Six lead part-winding star compressor ( semi-hermetic)Copland
Hello everyone. I am a new member, and would like to wish you all GOOD DAY. I have a question and will appreciate if a solution is suggested. A six lead part-winding star compressor was rewound (380-415/3phase/50Hz).The leads were given sleeve color 2 X red, 2 X blue and 2 X yellow. The winding continuity and resistances between each star point showed okay and equal (1.4,184.108.40.206 ohms).
However when the compressor was started as a 2Y DOL, the main circuit breaker tripped.
When this compressor was started on the test bench on only one star (or the other), without load, the compressor started and ran (no scrapping or screeching sound).
My question is how to find out which leads of the second star winding are to be connected for proper operation. I have tried to interchange two leads of the second star but without success. The open star winding when tested with a DVM showed 362,372,365 volts. Is the problem in the connection or the rewinding is incorrectly done. please reply
What is the model number of the compressor?
Originally Posted by amarakbar
Is this similar to what you have?
- Electricity makes refrigeration happen.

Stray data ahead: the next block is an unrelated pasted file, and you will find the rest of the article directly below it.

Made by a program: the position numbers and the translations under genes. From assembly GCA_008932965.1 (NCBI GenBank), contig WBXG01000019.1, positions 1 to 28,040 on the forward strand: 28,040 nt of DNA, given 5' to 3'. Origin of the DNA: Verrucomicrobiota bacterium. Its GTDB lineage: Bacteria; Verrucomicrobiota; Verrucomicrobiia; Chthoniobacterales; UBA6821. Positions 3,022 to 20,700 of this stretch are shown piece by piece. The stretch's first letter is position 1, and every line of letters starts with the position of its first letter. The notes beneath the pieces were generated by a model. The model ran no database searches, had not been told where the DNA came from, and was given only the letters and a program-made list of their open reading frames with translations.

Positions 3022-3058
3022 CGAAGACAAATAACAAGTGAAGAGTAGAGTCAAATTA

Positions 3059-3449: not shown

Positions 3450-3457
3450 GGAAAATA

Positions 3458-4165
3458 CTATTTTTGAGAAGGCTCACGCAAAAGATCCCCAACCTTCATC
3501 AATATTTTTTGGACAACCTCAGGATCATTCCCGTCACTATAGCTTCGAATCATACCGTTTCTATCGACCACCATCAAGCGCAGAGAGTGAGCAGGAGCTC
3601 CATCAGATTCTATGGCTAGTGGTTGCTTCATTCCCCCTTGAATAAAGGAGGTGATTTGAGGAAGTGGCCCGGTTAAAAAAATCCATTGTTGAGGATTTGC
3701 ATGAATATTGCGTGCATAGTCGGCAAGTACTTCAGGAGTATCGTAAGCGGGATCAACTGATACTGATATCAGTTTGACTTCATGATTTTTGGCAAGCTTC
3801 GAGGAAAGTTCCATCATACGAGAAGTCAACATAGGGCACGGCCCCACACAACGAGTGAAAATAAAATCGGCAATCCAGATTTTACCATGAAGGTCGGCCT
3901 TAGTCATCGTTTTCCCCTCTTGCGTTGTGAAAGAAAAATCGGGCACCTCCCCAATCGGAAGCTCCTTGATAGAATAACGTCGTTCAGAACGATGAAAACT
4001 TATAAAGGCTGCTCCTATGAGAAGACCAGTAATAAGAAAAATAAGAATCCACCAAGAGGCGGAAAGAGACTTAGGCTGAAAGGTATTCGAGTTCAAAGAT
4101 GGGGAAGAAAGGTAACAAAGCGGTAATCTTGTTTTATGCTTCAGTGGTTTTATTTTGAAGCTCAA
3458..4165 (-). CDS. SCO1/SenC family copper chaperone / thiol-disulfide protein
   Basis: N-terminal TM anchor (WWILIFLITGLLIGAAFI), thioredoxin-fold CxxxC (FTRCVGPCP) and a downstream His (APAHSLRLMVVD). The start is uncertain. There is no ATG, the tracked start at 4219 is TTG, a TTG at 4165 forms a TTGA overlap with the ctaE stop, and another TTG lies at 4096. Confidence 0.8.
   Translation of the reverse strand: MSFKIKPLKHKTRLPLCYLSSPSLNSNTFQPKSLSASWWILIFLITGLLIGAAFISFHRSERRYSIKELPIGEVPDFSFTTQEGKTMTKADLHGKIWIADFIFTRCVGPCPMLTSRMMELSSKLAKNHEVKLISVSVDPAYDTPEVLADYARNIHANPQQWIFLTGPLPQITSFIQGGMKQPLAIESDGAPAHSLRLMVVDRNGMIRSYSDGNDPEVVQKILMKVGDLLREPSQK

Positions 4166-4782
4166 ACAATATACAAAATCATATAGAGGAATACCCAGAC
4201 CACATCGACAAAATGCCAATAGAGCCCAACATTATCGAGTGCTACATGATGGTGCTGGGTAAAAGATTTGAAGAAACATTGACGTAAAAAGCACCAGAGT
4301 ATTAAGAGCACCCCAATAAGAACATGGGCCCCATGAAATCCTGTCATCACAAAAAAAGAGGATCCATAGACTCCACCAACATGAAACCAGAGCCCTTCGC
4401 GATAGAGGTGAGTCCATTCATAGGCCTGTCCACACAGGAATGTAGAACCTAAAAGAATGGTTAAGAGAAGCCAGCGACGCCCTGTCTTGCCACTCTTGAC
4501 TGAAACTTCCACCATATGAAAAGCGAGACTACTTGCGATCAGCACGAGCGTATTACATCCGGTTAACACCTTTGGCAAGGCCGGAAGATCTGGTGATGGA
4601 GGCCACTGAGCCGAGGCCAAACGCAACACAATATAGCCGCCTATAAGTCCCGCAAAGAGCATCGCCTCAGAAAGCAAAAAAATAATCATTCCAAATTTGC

- Refrigeration makes the HVAC psychrometric process happen.
- HVAC pyschrometrics is what makes indoor human comfort happen...IF the ducts AND the building envelope cooperate.
A building is NOT beautiful unless it is also comfortable.
Thanks for the reply. Yes the connection is a part winding as your diagram.The model is Copeland 4RH1-2500. The customer now wants to run this as a 2Y DOL. As I have stated; how to determine if the second star connection is in phase with the first winding, or else is the winding connection wrong.
When you ran each winding separately, was the rotation the same? As long as the motors are wound correctly, T1 and T7 will get A phase, T2 and T8 will get B phase, and T3 and T9 will get C phase. Are you positive that it was wound for 380 and not some lower voltage? If it were delta wound for a lower voltage, it'd definitely trip the breaker with 380 across the line. You could have some wires crossed up at the contactors/starters, too.
I'm not the sharpest when it comes to Copeland's nomenclature, but that sounds like it is a 25 hp semi-hermetic reciprocating compressor? Rotation might be kind of hard to observe, unless you pulled the oil pump and bumped the motor for a split second. Just FYI, I don't recommend doing this...
The motor should run just fine in either part winding or across the line, but is your breaker big enough to handle the inrush current of across the line start? Is the compressor starting with a lot of head pressure, or are the pressures equalized on both sides prior to starting?
You've also got a 1.6% voltage imbalance there. I've seen problems caused by less than that.
Last edited by Tech Rob; 03-11-2012 at 09:51 PM.
The key to happiness is lower expectations.
I pulled this from Emerson's website using your model number. It seems to contradict some of what you posted.
They also list winding resistance as 0.58 ohms.
Last edited by hvacrmedic; 03-12-2012 at 12:33 AM.